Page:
First in the trio of books released for the start of the second tv series. There are a couple of internal references to tell you that it’s set between “To the last man” and “Meat”, but there’s nothing that requires specific knowledge of the show other than the basics of who Torchwood are and what they do.
Baxendale takes an old British legend and puts a Torchwood spin on it, as a water hag causes havoc around Cardiff. The book starts with several different strands which have no connection other than stagnant water, and for good measure tosses in a flu epidemic that isn’t. It takes the Torchwood team some time to connect all the clues, by which time they’re infected as well. Much running around chasing or being chased by bad guys ensues, making for a plot that offers both thoughtful research by the team and physical mayhem before they manage to close down a major threat.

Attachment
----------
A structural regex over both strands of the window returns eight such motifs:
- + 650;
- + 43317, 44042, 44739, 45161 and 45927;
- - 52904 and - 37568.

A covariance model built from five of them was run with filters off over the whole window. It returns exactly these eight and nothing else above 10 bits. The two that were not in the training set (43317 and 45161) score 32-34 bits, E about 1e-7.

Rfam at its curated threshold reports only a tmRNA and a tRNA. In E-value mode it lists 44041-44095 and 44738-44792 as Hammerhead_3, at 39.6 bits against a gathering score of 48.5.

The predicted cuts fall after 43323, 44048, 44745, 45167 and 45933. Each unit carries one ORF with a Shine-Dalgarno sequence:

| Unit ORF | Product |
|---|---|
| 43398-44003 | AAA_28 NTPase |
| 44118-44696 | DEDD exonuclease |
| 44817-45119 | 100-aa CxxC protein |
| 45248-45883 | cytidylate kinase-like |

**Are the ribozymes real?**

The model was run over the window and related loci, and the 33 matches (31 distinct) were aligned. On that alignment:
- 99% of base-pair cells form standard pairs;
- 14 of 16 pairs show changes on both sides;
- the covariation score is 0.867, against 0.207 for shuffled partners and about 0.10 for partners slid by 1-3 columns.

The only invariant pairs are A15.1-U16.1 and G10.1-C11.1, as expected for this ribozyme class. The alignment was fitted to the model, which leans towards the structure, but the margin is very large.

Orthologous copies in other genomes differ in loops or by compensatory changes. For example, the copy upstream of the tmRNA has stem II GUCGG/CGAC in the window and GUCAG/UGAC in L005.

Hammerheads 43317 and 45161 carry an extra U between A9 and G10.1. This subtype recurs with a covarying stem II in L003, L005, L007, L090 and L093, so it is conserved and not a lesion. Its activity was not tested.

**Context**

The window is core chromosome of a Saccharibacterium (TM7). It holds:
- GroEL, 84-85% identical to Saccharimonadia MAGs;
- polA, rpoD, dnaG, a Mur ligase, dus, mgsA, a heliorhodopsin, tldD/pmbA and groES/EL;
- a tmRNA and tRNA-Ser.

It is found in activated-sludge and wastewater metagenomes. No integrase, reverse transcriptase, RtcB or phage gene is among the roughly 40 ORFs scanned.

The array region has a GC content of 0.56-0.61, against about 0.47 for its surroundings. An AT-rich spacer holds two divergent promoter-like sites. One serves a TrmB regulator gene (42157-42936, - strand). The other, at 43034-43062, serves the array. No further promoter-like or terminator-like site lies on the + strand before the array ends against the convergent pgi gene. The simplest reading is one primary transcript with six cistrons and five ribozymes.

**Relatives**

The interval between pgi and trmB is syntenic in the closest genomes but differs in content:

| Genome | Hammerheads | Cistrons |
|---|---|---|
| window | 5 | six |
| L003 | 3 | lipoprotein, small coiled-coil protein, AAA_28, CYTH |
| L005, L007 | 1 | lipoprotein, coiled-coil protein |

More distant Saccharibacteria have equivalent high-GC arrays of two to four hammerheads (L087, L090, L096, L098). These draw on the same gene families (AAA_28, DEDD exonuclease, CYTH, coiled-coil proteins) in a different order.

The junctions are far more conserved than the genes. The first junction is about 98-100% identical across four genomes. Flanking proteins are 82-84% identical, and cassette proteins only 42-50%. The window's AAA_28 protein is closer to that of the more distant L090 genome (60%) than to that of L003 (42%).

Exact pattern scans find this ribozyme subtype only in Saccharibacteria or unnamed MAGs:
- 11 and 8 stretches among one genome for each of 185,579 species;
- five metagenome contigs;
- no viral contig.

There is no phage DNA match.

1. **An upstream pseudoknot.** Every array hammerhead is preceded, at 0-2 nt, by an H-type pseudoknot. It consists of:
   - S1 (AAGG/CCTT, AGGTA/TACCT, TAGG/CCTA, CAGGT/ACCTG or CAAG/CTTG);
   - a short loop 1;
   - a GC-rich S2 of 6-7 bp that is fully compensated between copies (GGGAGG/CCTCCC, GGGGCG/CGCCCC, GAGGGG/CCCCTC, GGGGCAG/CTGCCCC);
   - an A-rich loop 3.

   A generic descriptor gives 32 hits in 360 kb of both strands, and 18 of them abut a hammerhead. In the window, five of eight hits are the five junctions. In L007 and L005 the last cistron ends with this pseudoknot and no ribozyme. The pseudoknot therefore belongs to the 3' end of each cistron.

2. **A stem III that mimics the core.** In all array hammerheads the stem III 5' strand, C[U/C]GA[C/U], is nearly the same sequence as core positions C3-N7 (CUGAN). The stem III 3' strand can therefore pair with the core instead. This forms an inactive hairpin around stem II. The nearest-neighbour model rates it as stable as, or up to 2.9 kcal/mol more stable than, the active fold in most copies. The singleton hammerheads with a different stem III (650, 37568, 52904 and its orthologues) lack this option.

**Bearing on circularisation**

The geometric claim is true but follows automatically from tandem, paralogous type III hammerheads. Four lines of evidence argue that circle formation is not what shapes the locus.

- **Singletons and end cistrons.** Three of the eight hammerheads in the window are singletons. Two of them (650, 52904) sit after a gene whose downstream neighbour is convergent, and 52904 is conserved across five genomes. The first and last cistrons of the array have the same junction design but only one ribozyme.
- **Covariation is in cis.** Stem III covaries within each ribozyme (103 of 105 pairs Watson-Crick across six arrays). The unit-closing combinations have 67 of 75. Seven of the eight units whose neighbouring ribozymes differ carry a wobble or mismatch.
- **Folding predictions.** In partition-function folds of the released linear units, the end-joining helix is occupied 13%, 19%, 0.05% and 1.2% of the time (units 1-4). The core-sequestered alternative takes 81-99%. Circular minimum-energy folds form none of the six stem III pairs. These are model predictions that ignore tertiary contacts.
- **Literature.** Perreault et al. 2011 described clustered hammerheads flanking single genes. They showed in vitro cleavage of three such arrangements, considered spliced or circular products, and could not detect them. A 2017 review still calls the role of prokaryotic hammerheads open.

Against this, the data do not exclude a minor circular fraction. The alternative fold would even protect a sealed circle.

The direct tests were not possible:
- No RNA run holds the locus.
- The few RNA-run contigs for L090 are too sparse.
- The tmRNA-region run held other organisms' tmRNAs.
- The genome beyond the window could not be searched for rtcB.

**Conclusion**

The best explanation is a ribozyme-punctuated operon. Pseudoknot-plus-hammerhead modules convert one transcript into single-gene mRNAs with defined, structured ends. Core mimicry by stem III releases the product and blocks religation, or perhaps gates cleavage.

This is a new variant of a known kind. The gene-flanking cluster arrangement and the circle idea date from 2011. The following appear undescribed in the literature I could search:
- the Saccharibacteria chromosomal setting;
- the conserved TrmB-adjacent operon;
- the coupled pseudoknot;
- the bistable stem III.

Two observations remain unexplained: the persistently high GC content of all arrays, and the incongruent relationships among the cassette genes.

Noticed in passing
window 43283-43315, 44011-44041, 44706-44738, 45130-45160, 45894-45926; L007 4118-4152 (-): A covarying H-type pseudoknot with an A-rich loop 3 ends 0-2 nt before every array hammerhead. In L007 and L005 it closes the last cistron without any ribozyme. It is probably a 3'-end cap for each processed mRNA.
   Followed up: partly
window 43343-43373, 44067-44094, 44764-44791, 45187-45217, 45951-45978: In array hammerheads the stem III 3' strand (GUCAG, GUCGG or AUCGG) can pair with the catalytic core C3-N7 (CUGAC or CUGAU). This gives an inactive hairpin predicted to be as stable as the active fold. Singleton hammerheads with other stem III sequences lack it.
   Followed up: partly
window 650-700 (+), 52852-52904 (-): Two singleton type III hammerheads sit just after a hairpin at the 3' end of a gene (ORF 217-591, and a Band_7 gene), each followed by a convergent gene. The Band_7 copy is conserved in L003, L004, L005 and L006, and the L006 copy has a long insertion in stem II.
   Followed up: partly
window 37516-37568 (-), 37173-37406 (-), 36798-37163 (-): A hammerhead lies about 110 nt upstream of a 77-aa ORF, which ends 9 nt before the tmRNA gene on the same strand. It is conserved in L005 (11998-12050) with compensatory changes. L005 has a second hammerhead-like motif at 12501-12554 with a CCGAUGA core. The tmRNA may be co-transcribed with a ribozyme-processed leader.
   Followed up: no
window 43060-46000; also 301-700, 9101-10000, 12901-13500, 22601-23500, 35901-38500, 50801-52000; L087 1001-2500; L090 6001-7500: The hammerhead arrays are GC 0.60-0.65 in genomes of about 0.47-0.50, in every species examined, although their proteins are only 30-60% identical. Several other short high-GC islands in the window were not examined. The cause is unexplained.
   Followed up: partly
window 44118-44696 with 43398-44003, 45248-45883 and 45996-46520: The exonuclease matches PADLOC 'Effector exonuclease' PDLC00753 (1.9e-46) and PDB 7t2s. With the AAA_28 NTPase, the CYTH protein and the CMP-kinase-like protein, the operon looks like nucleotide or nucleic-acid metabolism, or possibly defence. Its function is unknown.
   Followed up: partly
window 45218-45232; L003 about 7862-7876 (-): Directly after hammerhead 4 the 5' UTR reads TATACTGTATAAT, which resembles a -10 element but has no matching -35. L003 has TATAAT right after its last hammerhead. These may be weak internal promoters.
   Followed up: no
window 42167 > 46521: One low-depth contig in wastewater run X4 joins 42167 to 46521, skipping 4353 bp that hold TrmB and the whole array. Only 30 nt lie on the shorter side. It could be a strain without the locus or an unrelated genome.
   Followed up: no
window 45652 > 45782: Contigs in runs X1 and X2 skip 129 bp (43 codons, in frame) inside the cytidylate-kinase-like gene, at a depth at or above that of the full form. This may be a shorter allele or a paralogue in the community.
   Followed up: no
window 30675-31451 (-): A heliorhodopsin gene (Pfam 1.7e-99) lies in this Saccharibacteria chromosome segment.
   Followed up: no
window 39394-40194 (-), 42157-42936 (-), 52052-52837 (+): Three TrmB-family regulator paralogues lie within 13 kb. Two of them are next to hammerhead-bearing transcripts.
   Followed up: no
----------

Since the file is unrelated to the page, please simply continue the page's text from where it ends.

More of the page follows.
Excellent characterisation, and I could hear the voices while reading much of the dialogue, as Baxendale catches the distinctive speech patterns well. There’s a decent spread of word count across the characters, and good ensemble play between various combinations rather than focusing on only one or two (though don’t go looking for any overt reference to the relationship between Jack and Ianto, because it isn’t there). Owen gets a fair bit of attention, as this is partly a medical mystery and his expertise is directly relevant to one strand of the story. Owen’s very likeable in doctor mode, without entirely losing his nasty edge with his teammates, which is the way I like him.
There’s a lot of good banter, and some nice one-liners, not just for the main characters but for the one-offs created for this story.
It’s a solid story that makes good use of both the inspiring myth and various quirks of the Torchwood universe. This isn’t just a generic science fantasy with the right names pasted in, but something that’s very clearly Torchwood. There are some minor disappointments (in particular, I felt the ending was rather abrupt), but overall I thoroughly enjoyed this one. I can see why people with different tastes might have found it a bit flat, but it happens to hit my buttons rather well.